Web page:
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Wednesday, October 31, 2007

On Optimizing Gmail’s JavaScript

Daniel Pupius is an engineer at Google since 2005, with a focus on the user interface side of things. Aaron Boodman, also a developer at Google, now blogged about Dan’s role in the upcoming relaunch of the Gmail JavaScript framework:

I was worried for his sanity when he got assigned to Gmail, because it is one of the oldest and biggest JavaScript applications at Google. Therefore it was also the most, err, crufty :). (...)

He dove in to the cruft, initially on Gmail Chat, but over time more and more on core Gmail. He began agitating for change, which culminated in this new design.

Aaron continues to tell that at Google, people test-drive all their own products, e.g. using Gmail all day long (is Marissa Mayer an exception? She once told Fortune/ CNN, “I use Gmail for my personal e-mail – 15 to 20 e-mails a day – but on my work e-mail I get as many as 700 to 800 a day, so I need something really fast,” referring to email client Pine). Aaron says that a lag of half a second, for instance, is usually considered great for web applications, but that such amounts are still considered long for Gmail by some of those working on it. Aaron writes:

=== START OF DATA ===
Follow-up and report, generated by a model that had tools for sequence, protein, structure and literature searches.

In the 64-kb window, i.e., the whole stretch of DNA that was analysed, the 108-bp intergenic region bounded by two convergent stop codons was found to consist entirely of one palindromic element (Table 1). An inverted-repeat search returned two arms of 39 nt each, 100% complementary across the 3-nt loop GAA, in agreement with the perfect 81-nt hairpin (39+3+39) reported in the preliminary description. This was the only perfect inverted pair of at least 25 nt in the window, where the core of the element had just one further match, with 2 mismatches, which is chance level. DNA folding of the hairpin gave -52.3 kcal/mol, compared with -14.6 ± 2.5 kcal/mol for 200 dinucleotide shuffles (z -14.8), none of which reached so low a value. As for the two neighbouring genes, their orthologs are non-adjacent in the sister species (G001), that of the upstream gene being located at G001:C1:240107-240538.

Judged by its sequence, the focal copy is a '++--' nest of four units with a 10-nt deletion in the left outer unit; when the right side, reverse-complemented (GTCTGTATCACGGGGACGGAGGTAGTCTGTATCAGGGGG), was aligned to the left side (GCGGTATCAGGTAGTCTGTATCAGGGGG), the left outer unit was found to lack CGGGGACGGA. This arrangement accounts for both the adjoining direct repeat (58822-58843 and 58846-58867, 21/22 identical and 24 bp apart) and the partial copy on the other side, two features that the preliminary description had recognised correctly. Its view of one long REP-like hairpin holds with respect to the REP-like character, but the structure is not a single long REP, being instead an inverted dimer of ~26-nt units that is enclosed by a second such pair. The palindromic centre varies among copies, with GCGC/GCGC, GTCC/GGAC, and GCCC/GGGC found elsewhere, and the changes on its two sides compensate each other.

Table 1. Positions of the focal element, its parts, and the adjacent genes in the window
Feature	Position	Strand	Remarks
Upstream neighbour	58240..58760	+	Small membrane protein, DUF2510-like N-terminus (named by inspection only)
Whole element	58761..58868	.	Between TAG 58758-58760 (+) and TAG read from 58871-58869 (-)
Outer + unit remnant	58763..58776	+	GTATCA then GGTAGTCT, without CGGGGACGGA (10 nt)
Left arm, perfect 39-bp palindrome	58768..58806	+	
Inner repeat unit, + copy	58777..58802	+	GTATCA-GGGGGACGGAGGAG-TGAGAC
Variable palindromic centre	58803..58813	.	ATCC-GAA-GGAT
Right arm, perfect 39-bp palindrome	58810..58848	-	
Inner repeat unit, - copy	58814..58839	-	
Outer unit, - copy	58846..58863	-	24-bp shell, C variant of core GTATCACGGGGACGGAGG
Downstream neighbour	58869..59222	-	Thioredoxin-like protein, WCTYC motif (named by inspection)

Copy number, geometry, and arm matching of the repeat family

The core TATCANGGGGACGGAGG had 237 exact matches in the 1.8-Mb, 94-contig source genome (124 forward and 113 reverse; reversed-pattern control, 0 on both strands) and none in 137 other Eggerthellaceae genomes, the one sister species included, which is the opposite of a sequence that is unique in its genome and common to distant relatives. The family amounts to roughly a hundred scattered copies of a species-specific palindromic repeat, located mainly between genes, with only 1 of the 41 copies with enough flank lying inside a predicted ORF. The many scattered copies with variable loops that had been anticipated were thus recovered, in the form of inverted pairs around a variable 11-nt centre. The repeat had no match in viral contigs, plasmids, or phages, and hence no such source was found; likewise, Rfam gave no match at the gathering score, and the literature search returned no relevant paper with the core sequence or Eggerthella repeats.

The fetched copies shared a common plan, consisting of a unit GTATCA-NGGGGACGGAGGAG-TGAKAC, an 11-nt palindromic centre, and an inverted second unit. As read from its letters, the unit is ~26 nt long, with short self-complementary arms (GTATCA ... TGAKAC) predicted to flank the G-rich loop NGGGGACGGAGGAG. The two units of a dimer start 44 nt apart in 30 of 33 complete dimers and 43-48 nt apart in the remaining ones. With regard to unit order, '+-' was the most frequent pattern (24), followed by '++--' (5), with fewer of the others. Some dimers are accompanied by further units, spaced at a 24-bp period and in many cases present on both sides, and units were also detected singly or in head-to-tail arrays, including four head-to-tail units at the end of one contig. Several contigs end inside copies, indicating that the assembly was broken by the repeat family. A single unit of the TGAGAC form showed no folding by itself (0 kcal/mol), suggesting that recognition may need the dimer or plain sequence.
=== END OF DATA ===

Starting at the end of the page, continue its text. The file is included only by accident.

Because of this, the Gmail team has been to hell and back several times over the course of this project, trying to shave milliseconds off frequent operations.

As one small example, one team member reverse-engineered jscript.dll to figure out how its GC [garbage collection] algorithm worked, and was horrified to find that it had hard-coded, arbitrary limits on how many objects could be allocated before a GC would occur. This led to an insane amount of effort optimizing the code to reduce the number of allocations in core code paths.

[Via Friendfeed.]


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